A beautiful infographic journey: The Lexicon of Sustainability
via @ExplorerRead More
Among this year’s participants of #scio12 is Usha Lee McFarling. She is one of the authors of Altered Oceans: A Five-Part Series on the Crisis in the Seas (with Kenneth R. Weiss, photography and video by Rick Loomis. 2006. Los Angeles Times), which is a truly impressive piece of multimedia storytelling, and for which she won a Pulitzer Prize for Explanatory Reporting in 2007.
Unfortunately, the oceans haven’t improved since 2006.Read More
It may look like some sort of planetary map, but in fact it is a visualisation of genome data:
It is pretty impressive as a still, but as I understand it the original even moves. Will have to take a look at Ang Lee’s “Hulk” to see that, I guess.
Its creator Ben Fry describes it like this:
This piece is part of a larger body of research into how to build visual constructions of very large amounts of data, in particular genomic information. The works range from practical tools to conceptual works for alternative methods for viewing data.
Valence originated as a project for my master’s thesis which focussed on using properties of organic systems as a method for dealing with large amounts of data from dynamic sources.
More infographics by Ben Fry and his colleagues.
Oft geht es dabei auch um wissenschaftliche Themen – zum Beispiel wie Robben nur mit ihren Barthaaren den dicksten Fisch erkennen. Mir gefÃ¤llt ihre Umsetzung fÃ¼r Kinder – spielerisch und anschaulich, und trotzdem auf den Punkt.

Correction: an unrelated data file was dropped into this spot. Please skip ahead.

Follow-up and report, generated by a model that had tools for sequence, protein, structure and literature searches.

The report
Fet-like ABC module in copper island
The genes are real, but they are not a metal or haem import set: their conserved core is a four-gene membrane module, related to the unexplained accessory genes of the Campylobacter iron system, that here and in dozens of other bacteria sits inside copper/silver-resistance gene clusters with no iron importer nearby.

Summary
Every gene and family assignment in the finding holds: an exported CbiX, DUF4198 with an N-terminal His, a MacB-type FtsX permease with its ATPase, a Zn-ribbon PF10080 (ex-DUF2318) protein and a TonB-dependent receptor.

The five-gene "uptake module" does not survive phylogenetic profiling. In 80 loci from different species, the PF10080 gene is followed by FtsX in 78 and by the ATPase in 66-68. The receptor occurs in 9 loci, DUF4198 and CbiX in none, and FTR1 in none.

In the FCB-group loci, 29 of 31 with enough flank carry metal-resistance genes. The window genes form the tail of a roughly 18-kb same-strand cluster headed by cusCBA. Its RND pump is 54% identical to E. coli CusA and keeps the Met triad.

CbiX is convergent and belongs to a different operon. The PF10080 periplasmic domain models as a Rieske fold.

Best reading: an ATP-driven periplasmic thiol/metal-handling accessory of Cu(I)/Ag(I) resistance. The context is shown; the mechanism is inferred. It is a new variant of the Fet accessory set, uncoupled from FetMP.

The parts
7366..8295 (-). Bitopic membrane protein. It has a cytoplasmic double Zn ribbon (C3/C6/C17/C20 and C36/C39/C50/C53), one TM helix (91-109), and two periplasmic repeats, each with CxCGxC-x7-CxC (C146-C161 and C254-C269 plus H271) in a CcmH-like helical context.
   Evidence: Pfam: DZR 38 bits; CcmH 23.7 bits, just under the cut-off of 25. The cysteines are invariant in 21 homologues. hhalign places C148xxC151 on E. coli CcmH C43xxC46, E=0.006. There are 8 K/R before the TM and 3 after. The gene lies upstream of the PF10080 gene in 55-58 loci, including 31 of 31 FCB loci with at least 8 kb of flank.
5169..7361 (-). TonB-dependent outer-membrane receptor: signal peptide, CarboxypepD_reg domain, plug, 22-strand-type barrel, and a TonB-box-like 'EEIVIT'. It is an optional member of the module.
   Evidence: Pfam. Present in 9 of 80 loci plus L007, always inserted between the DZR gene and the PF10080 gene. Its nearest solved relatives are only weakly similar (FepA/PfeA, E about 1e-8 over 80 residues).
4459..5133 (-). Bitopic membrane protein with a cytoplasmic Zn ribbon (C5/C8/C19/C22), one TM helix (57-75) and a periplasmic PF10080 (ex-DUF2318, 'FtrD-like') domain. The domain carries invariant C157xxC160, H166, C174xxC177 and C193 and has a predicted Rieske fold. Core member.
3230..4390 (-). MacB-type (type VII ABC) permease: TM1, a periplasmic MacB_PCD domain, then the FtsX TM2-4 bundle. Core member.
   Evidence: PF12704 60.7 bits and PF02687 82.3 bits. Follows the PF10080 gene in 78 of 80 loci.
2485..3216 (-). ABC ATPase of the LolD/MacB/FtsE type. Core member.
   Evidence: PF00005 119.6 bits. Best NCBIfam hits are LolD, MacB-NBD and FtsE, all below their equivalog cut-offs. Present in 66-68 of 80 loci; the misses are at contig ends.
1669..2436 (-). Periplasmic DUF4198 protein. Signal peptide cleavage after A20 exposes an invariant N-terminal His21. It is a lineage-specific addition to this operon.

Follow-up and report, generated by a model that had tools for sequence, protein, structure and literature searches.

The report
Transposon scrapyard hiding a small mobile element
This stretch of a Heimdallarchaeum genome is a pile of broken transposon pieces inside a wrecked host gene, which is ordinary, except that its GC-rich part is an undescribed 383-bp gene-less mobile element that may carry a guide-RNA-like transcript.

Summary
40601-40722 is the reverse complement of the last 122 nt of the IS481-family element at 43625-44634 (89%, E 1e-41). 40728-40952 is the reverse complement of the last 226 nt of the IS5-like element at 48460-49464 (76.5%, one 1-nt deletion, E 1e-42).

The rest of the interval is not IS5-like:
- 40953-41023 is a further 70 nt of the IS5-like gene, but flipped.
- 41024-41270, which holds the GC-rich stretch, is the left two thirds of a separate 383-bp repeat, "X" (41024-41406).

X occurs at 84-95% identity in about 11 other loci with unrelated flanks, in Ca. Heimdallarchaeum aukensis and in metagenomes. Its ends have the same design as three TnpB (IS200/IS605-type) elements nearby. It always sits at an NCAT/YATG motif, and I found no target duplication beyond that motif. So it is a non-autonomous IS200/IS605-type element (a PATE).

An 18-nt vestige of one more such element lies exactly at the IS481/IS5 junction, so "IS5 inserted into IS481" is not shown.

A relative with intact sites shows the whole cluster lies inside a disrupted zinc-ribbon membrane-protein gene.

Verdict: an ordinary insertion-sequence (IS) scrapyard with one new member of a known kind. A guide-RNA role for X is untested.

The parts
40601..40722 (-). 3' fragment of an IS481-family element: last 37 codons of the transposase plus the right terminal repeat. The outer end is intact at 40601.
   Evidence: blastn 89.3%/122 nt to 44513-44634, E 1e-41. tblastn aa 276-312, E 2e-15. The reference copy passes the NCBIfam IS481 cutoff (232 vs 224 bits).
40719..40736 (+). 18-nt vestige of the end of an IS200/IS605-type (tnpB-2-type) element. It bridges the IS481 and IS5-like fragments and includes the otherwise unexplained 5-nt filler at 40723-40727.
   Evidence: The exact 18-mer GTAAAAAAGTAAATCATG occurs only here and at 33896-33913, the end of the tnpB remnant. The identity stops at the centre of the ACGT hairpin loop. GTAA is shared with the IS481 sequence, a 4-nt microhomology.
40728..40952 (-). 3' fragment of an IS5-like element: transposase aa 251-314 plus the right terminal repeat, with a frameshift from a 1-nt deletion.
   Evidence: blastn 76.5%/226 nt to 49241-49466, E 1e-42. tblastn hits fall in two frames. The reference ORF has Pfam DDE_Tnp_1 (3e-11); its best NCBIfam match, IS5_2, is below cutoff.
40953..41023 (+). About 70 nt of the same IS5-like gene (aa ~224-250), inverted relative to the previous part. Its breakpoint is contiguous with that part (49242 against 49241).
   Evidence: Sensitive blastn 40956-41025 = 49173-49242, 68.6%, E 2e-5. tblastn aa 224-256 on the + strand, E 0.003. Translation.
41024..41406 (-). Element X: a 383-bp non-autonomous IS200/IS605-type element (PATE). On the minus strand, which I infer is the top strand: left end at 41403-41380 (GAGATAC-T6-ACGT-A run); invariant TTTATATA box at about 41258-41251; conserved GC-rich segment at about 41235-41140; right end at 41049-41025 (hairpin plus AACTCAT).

Das Experiment aus Sicht der Wissenschaftler:
Und bei Irene Goede:
Mehr Illustrationen gibt es hier.
via @lucasbrouwersRead More
Careful analysis by Annalee Newitz at io9:
Is there really a connection between zombie movies and social unrest? We decided to do some research and find out. The result? We’ve got a line graph showing the number of zombie movies coming out in the West each year since 1910 â€” and there are definite spikes during certain years, which always seem to happen eerily close to historical events involving war or social upheaval […]
You can see that most of these spikes in zombie popularity do seem weirdly close to periods of historical trauma like wars or the AIDS epidemic. Is there a causal connection, or is it just coincidence?
A while ago, Wired published a collection of fascinating science visualization videos.
This is one example: The Explosion of Type Ia Supernovae From Multiple Ignition Points
Type Ia supernovae are thought to be white dwarfÂ stars in binary systems that explode due to aÂ thermonuclear runaway. This movie shows aÂ simulation of Type Ia supernovae exploding from multipleÂ ignition points. When theÂ hot ash breaks through the surface of the star, itÂ spreads rapidly across the stellar surface, convergesÂ at the opposite point and produces a jet-like flow that triggers a detonation. TheÂ simulation shows that multiple ignition points generate more nuclear burning and produce moreÂ expansion of the star than a singleÂ ignition point. As a result, less radioactive nickel isÂ produced during the detonation phase, and theÂ explosion is less luminous.
Video: DOE SciDAC Program/Brad Gallagher, George Jordan, Dean Townsley, Robert Fisher, Nathan Hearn, Jim Truan and Don Lamb